want to remerge a known working version using portage. Again, that won't
be a big deal if you've been using FEATURES=buildpkg, since you can just
emerge -K the version you untarred. If not, you'll need to recompile a
new version, which of course will take awhile. You may wish to wait until
after tonite's gaming thing, if you won't have time to recompile it before
After you have your system back up and running, consider a couple things
that might make life easier next time.
Obviously, I'm going to recommend adding buildpkg to your features if you
haven't got it there already. It really /can/ help. To jumpstart the
binary package store then, consider using quickpkg to package up all your
vital packages, gcc, glibc, portage, python, binutils, etc, at a minimum.
If you want to get everything packaged right away, use emerge --pretend
--emptytree to get a list, and package all those up using quickpkg. (You
can automate the process if you wish using tools such as cut to get the
appropriate fields out of the emerge --pretend output, then feed that
to a file for further editing if desired, and then into quickpkg as the
list of packages it needs to package. I did it this way when I
jumpstarted my binpkg cache.) Alternatively, you can just add the
buildpkg feature and emerge --emptytree world, but that will of course
Second suggestion and something I'm again doing here, consider creating a
second copy of your root partition, with /var and /usr as well if you have
them separate. Then, periodically, when you know you have a stable
running system, erase the copy and recopy everything over from your known
stable running system. The idea here is that if your system goes haywire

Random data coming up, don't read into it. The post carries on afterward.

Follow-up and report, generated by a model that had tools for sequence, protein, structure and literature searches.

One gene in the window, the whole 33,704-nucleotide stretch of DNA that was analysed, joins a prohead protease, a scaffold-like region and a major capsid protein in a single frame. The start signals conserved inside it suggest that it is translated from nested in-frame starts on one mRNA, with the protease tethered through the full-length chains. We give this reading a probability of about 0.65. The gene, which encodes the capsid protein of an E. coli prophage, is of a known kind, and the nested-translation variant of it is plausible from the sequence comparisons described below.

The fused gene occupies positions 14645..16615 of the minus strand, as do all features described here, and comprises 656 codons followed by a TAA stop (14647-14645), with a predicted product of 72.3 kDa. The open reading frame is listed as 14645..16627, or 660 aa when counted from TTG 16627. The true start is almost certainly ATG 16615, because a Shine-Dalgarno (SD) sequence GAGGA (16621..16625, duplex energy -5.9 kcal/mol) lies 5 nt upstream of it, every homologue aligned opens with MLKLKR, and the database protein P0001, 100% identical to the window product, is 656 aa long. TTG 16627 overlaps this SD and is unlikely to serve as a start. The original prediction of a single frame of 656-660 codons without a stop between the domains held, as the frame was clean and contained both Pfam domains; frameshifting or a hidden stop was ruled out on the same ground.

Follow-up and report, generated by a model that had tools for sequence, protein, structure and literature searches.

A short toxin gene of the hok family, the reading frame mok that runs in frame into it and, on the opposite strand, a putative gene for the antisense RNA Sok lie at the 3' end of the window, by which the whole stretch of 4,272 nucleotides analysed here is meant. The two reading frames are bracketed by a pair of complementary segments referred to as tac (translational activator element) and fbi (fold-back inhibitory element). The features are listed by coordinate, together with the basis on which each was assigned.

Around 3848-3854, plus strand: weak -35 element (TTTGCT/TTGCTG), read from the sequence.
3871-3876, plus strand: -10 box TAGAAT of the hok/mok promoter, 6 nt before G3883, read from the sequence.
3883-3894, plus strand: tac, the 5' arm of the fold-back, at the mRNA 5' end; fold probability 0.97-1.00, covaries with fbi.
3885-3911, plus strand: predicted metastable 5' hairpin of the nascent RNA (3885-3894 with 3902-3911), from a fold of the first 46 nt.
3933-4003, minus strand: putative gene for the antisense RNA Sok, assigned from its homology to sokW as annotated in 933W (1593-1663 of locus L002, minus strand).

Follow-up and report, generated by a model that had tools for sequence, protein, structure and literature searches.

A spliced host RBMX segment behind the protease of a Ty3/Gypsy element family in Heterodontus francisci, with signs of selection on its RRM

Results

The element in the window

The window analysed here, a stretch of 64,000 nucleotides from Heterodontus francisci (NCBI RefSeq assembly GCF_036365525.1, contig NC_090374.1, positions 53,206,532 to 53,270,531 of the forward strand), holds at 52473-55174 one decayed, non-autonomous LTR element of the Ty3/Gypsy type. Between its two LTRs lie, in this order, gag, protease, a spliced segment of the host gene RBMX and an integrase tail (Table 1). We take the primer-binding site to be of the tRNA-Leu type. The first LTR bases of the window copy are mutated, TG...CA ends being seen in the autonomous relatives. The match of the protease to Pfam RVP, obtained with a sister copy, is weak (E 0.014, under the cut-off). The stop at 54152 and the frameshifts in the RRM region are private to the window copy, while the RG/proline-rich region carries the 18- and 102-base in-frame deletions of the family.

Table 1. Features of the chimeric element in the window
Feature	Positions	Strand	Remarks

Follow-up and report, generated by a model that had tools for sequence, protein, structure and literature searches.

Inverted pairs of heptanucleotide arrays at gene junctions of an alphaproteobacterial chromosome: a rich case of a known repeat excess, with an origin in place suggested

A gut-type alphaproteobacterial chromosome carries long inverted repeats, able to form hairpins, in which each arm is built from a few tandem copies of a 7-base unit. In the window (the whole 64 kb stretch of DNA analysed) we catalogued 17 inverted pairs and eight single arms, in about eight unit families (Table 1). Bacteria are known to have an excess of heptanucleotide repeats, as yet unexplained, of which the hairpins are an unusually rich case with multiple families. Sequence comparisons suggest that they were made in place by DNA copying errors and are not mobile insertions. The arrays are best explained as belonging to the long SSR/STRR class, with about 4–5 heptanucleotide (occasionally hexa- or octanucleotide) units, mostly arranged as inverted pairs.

for whatever reason, you can simply boot the backup root partition, which
will have a complete working system on it as of the time you did the
backup. Thus, no worries about this happening again, as you can just boot
the backup system (provided you keep the snapshot fairly close to your
working system so you aren't trying to use something terribly outdated).
I actually do this with most of my system. The root partition has /usr
and /var on it as well, so the portage database (stored in /var/db) is
current with what's on that partition, and I keep a copy of that
partition, which I refer to as my rootmirror. Likewise, I keep a copy of
/home, a copy of my media partition, a copy of my packages (the result of
FEATURES=buildpkg) partition, etc. I don't worry about a copy of /var/log
(which is on a separate partition than /var), or about the portage tree
(which I can simply resync if it's lost), or /tmp (since the stuff in
there by definition need not survive a reboot). I make sure I keep the
backup copies updated to the point where if I lose everything on the
working copy, I am comfortable resuming from the backup copy, knowing that
I can redo anything changed between them in a reasonable time, should it
come to that.
If you had been doing this, then you wouldn't be sweating it now, as you'd
just have booted your backup copy and resumed from there. Thus, consider
setting up your system that way once you are back up and running, so you
aren't left in that sort of situation ever again. (Of course, if your
hard drive dies, that's another matter. Here, I use a 4-disk RAID-6 to
address that problem -- I can loose any two of the four hard drives
without losing anything vital. It's software RAID, so if the board goes,
I can buy another board, install the drives and CPUs, rebuild my kernel
for the new board using an emergency CD, and be up and running once again.
That is, however, about the only case where I'd have to use the emergency
CD, as in the other cases, I should still be able to boot to the backup
root snapshot and recover from there.)
Good luck! I hope it /is/ just glibc, as that's scary to recover from
when the problem occurs, but not the end of the world. If it's not glibc,
things get rather more complex, but all evidence so far says that's what
Duncan - List replies preferred. No HTML msgs.
"Every nonfree program has a lord, a master --
and if you use the program, he is your master." Richard Stallman